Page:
Pulling on the heart strings of the rebellious adventurer inside all of us while it pokes holes in systematic evolution and the steadily growing restraint on our existence. Into the Wild is a visually breathtaking, thought-provoking journey told through an eager set of eyes belonging to a unique, fearless individual. Taking full advantage of the vast landscapes across North America and a highly likeable lead. Into the Wild is one of the most appealing and striking films to ever grace the big screen. Based on a true story and directed by Sean Penn. This cross-country trek is ripe with bright-eyed, kind-natured people living their lives to the fullest. While it may not sit consistently content with all of its viewers. Into the Wild is an unflinching look at the harsh realities of this world and teaches us to seize it instead of looking forward to what could possibly await us in the next.
Upon graduating from Emory University in Atlanta, Christopher McCandless decides to destroy all his worldly possessions and leave his home and family behind in order to travel across America. Hating every facet of a conventional, conformists living. McCandless thrives in the wilderness working odd jobs to make a couple of bucks and makes new friends on his long journey. Spending all this time alone allows Chris to reflect on his troubled childhood, existence, and become one with nature. Eventually wanting to end his journey in Alaska, Christopher does whatever it takes to accomplish his goal while trying not to hurt anyone along the way.
The path may be divided, long, arduous, and diverse. However, there is one steady, dependable aspect of Into the Wild and it’s lead Emile Hirsch. Never taking the easy route or shying away from a little manual labour. Hirsch radiates youthful ambition and an infinite supply of energy. Although craving nothing more than feeling the wind in his hair and to take the road less travelled. Hirsch’s character rarely stays in one place or calls any land home. Hirsch does a flawless job staying firmly rooted and never bitter.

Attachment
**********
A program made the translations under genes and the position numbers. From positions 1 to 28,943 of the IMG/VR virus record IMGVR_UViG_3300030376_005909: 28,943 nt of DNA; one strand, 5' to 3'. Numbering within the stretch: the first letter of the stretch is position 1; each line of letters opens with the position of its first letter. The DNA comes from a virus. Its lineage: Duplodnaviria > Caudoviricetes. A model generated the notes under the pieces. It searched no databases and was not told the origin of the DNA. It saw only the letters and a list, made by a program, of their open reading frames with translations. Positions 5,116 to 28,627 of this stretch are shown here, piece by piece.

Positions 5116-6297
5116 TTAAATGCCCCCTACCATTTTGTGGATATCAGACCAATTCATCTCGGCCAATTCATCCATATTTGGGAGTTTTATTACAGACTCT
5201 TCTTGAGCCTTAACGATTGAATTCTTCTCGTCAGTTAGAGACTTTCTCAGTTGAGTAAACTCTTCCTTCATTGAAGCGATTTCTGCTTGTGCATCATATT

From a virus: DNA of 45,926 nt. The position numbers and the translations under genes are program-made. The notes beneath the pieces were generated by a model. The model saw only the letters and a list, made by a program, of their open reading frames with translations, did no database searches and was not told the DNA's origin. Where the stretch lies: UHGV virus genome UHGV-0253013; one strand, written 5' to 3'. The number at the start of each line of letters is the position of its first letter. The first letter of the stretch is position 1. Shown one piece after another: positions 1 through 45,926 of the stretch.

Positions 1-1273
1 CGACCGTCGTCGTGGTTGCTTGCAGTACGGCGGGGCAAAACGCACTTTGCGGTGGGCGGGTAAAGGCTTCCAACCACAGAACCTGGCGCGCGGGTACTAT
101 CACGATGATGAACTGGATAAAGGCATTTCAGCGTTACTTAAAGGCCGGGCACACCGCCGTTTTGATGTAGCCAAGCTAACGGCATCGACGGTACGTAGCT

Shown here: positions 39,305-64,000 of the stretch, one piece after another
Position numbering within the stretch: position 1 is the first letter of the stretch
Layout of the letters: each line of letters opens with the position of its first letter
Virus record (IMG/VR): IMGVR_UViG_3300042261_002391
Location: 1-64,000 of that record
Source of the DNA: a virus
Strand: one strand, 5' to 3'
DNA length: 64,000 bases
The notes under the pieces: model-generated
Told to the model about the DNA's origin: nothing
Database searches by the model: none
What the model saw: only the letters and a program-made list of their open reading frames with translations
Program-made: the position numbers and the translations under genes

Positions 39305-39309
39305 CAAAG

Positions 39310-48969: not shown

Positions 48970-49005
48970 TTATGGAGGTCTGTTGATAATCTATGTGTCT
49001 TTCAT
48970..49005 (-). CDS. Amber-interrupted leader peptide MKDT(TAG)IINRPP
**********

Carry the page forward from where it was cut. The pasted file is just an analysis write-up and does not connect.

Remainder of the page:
While Hirsch gives a terrific, almost infallible performance. An even more remarkable, albeit technically smaller achievement is the acting of Into the Wild’s supremely talented supporting cast. However, just because they don’t garner as much screen time, doesn’t make their performances any less spectacular. Featuring Vince Vaughan, Catherine Keener, Zach Galifianakis, Hal Holbrook, Jena Malone, and Kristen Stewart. Into the Wild’s superb ensemble is funny, caring, and enduring.
Keener, without question, gives the most sincere and honest performance out of the supporting cast. There is no denying her charm, vulnerability, and maturity, she’ll make you weep. Despite being limited to no more than a few minutes of screen time. Galifianakis manages to conjure up the biggest laughs and shows a more serious side to his talents. As for Stewart, what can one say with a bias as strong as mine. Her performance continues to give me ammunition for anyone discrediting her as an actor. A lot like Galifianakis, Vaughan showcases a much more dramatic edge and discards his comedic prowess for a nurturing, endearing element. Hal Holbrook poses the biggest opposition for Keener. His nurturing wisdom and gradual sadness evokes an ocean of emotion. Finally, the highly underrated and underused Jena Malone provides the trustworthy and formidable base for Hirsch and proves why her lack of use is a travesty.